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Despite predictions of a continent-wide conflagration sparked by the war on Islamofascist terror, prospects for peace in the region have become strengthened with renewed vigor in Pakistani-Indian diplomatic efforts. Today, both countries announced new agreements on missile testing and expansion of diplomatic ties:
India and Pakistan made progress toward ending five decades of enmity by agreeing Monday to notify each other before missile tests, open new consulates and try to end a deadly dispute over the Himalayan enclave of Kashmir.
"Both sides are committed, both sides are determined, both sides have the goodwill," Pakistani Foreign Secretary Riaz Khokhar told New Delhi TV after six hours of talks with his Indian counterpart, Foreign Secretary Shashank, who uses only one name. ...
The agreements by Khokhar and Shashank were part of a process begun last year with the goal of a summit this year by the leaders of India and Pakistan to resolve conflicting claims to Kashmir. The South Asian neighbors have fought two full-scale wars and a 1999 border clash over the Himalayan enclave.
Khokhar brought an invitation from Pakistani President Gen. Pervez Musharraf for new Indian Prime Minister Manmohan Singh, who has pledged to remain on the peace path paved by ousted Prime Minister Atal Bihari Vajpayee, whose Hindu-nationalist party lost elections last month.
Normalizing diplomatic relations between the two South Asian nuclear powers has been a foreign-relations goal of the present administration, which has worked diligently behind the scenes to push the two once-bitter enemies to the negotiating table. After 9/11 and Pervez Musharraf's conversion to anti-Islamofascism, the US has been especially keen on resolving the long-standing disputes over Kashmir and other border issues in order to have both countries concentrate on the broader threat of al-Qaeda and other Islamofascist threats in the region. No doubt, if Pakistan and India can reach a peaceful accommodation, that results in a diplomatically isolated Iran, which would then have Western-friendly nations virtually surrounding it.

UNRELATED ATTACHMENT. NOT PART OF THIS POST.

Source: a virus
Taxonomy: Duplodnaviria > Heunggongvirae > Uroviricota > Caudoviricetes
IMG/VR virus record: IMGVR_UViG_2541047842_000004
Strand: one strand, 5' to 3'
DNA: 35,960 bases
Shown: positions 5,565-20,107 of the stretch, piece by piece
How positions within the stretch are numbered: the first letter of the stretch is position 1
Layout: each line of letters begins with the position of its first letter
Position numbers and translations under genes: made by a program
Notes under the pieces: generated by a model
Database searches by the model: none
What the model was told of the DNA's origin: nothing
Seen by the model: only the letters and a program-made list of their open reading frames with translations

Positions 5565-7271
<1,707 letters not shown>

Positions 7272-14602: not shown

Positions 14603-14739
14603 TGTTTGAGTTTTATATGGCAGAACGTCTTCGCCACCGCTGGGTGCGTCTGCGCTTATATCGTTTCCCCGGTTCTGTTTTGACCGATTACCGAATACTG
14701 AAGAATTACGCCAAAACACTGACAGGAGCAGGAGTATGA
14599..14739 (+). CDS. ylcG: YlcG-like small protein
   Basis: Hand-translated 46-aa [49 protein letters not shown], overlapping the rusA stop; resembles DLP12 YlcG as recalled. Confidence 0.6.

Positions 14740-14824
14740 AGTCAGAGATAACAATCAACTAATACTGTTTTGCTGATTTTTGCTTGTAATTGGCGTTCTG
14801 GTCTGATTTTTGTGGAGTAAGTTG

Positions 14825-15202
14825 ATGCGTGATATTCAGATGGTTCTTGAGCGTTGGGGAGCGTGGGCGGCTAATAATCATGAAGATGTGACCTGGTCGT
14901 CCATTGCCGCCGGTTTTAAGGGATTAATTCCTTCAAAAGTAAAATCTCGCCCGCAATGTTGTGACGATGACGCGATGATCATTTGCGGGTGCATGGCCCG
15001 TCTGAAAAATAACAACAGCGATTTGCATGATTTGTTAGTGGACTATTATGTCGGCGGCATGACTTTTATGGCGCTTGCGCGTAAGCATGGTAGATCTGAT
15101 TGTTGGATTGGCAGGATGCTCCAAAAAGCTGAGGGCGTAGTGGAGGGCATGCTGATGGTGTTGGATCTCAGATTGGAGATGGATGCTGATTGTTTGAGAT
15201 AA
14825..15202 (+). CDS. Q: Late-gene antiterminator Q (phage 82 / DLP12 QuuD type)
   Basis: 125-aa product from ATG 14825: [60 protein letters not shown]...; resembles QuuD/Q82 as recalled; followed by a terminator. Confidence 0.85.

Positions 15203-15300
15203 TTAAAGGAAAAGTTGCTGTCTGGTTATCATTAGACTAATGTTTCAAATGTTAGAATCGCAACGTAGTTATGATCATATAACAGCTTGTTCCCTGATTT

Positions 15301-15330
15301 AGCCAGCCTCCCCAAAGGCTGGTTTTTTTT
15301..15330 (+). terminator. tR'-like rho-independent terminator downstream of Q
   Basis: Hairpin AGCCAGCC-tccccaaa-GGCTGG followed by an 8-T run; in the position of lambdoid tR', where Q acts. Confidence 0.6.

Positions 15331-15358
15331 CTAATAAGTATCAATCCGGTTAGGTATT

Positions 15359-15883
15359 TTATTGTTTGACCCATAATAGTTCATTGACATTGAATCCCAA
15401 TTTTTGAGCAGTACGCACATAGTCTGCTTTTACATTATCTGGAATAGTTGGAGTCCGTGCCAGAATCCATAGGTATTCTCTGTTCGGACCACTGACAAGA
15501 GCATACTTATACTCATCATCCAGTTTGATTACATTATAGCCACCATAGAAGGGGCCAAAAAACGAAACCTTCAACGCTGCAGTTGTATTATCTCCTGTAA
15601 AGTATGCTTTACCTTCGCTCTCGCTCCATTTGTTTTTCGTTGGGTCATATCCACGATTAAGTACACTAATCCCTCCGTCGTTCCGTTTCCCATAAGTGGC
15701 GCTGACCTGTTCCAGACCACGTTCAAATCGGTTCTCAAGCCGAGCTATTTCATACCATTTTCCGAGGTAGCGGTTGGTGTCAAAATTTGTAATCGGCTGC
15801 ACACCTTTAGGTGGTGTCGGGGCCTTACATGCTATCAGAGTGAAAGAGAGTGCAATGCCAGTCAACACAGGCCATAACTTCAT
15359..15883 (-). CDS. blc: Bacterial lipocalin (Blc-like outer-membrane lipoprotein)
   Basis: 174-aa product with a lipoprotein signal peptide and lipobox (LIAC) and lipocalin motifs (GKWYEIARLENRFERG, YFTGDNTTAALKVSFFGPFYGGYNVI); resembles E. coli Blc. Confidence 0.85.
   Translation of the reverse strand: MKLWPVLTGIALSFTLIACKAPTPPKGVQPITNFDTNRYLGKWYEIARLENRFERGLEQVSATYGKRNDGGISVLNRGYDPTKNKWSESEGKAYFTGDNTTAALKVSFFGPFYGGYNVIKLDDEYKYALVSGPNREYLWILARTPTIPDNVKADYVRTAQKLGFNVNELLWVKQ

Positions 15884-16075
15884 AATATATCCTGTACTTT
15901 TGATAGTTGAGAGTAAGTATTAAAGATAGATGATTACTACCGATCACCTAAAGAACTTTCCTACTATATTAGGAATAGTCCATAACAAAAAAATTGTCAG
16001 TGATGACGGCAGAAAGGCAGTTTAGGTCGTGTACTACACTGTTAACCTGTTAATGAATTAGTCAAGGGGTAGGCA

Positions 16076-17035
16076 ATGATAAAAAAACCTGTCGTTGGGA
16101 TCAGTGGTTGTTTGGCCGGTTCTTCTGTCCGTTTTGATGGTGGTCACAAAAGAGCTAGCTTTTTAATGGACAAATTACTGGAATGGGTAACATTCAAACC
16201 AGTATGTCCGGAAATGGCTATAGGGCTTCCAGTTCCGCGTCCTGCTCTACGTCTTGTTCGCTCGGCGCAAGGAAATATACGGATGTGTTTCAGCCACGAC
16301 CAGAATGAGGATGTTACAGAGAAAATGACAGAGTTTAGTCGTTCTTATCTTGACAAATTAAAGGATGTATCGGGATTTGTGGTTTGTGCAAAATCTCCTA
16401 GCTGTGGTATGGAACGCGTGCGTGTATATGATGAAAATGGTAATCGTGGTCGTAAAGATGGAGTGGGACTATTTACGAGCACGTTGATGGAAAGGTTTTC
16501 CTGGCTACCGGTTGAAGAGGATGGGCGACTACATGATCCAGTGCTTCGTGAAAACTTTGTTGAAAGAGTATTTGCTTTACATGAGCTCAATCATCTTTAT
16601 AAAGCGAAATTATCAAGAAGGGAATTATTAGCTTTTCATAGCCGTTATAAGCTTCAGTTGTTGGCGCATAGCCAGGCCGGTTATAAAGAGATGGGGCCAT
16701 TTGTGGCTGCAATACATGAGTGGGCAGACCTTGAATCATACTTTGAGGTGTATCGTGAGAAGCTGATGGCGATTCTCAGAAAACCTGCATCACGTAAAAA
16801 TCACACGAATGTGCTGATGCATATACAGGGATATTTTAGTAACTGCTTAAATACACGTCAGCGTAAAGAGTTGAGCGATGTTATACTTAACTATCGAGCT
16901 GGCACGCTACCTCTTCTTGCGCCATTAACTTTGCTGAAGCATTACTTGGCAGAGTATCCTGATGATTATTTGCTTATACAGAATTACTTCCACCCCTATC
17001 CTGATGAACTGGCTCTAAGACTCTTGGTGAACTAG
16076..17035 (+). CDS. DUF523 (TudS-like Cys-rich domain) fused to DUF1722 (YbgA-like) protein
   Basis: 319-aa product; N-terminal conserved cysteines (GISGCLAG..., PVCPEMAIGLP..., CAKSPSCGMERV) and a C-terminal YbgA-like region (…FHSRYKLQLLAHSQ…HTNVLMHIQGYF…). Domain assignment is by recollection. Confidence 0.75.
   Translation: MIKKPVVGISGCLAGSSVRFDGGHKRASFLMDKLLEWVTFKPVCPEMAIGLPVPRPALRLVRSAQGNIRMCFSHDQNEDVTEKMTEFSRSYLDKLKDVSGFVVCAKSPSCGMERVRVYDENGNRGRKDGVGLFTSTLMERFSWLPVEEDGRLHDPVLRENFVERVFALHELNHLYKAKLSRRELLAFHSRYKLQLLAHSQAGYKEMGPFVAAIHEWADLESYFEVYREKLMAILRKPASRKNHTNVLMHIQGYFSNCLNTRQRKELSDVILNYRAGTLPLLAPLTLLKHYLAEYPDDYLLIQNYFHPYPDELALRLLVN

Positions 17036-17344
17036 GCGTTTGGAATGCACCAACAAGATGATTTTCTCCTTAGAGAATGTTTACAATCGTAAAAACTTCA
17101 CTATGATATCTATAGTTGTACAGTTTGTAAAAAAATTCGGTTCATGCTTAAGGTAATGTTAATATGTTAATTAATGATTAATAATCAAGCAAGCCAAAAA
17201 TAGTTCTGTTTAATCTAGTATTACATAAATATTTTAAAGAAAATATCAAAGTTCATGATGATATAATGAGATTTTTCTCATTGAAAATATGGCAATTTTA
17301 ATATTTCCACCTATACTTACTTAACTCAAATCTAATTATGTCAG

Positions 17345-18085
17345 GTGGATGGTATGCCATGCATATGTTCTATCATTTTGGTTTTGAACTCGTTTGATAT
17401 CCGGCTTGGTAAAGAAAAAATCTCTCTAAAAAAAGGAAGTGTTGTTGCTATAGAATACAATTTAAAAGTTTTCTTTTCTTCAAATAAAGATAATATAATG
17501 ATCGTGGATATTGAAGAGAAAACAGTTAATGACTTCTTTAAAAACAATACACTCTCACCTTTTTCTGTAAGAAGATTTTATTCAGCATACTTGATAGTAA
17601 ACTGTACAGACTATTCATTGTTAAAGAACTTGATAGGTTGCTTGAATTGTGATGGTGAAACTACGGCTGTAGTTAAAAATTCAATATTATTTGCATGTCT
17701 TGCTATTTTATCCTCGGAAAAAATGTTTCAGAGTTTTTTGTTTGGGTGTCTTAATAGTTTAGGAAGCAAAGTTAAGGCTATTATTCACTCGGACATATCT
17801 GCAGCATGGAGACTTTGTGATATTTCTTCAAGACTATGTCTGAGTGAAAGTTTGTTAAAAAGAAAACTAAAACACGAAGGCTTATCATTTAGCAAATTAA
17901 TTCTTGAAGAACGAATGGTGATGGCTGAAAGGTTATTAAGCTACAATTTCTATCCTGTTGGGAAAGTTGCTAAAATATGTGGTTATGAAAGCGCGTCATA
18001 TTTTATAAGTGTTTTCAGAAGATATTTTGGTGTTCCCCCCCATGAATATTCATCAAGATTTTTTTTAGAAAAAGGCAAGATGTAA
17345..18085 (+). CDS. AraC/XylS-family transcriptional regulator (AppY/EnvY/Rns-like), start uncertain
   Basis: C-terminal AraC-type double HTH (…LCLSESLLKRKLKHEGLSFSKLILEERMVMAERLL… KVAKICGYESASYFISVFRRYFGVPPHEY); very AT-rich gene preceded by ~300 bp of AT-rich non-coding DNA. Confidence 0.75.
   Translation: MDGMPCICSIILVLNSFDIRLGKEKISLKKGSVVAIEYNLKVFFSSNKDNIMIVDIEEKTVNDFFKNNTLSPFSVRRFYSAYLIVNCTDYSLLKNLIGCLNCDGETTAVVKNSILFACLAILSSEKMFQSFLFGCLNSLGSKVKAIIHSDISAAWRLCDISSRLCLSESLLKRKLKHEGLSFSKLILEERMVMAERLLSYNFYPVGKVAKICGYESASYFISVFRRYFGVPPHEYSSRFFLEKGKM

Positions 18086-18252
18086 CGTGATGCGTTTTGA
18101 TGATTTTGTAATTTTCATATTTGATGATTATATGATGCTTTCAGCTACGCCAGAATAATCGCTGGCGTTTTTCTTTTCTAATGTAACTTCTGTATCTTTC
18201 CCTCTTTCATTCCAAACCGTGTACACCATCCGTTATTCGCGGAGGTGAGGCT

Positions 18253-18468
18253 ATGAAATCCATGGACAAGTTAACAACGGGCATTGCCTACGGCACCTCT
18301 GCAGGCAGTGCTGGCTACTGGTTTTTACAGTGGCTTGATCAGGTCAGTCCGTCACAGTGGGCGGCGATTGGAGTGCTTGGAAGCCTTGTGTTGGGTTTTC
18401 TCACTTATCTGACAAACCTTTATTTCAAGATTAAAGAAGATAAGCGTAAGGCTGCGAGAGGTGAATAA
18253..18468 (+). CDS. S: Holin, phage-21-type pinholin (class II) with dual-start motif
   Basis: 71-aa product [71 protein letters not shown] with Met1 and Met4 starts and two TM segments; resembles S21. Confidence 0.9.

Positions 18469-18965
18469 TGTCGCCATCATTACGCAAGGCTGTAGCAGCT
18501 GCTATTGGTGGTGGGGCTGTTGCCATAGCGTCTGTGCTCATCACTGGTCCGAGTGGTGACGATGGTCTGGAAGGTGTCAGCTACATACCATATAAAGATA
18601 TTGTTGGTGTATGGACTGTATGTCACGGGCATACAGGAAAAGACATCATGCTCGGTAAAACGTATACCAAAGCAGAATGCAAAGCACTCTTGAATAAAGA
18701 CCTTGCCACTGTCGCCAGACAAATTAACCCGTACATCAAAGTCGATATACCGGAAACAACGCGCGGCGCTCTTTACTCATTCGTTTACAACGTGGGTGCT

The governments of India and Pakistan have worked hard to build a more peaceful relationship, but some credit must also go to the Bush administration. I rather doubt that our own mainstream media will give it to them.
UPDATE: Miles Davis, the ever-polite opposition on my blog (along with other well-mannered readers such as Arne Langsetmo and Adaplant, and even Linda sometimes, when she disagrees!), challenges me to find evidence of the Bush Administration's efforts in this regard. Fair enough -- I should have done more homework when I posted. With just a few minutes to do this -- I have an appointment tonight -- here are a few examples:
* Powell goes to New Delhi and Islamabad to smooth tensions and restart peace negotiations (10/01, Guardian)
* Powell takes another trip to both capitals in 2003 (Pakistan Times, 4/03)
* Powell tries to use subtlety rather than impose mediation to bridge the Pakistani-Indian gap (India Digest, 1/04)
* Strategic reasons why the Bush Administration has taken a much broader interest than previous administrations in South Asia (Asia Times, 1/02)
* Powell convinces Pakistan to rein in India-targeted terrorism (The Hindu, 10/01)
* Powell urges new talks between India and Pakistan (CBC, 7/02)
There are plenty more examples, but in Googling Powell India Pakistan, what one notices is the lack of reporting on these efforts by the American media. Don't you wonder why that would be?Sphere It View blog reactions
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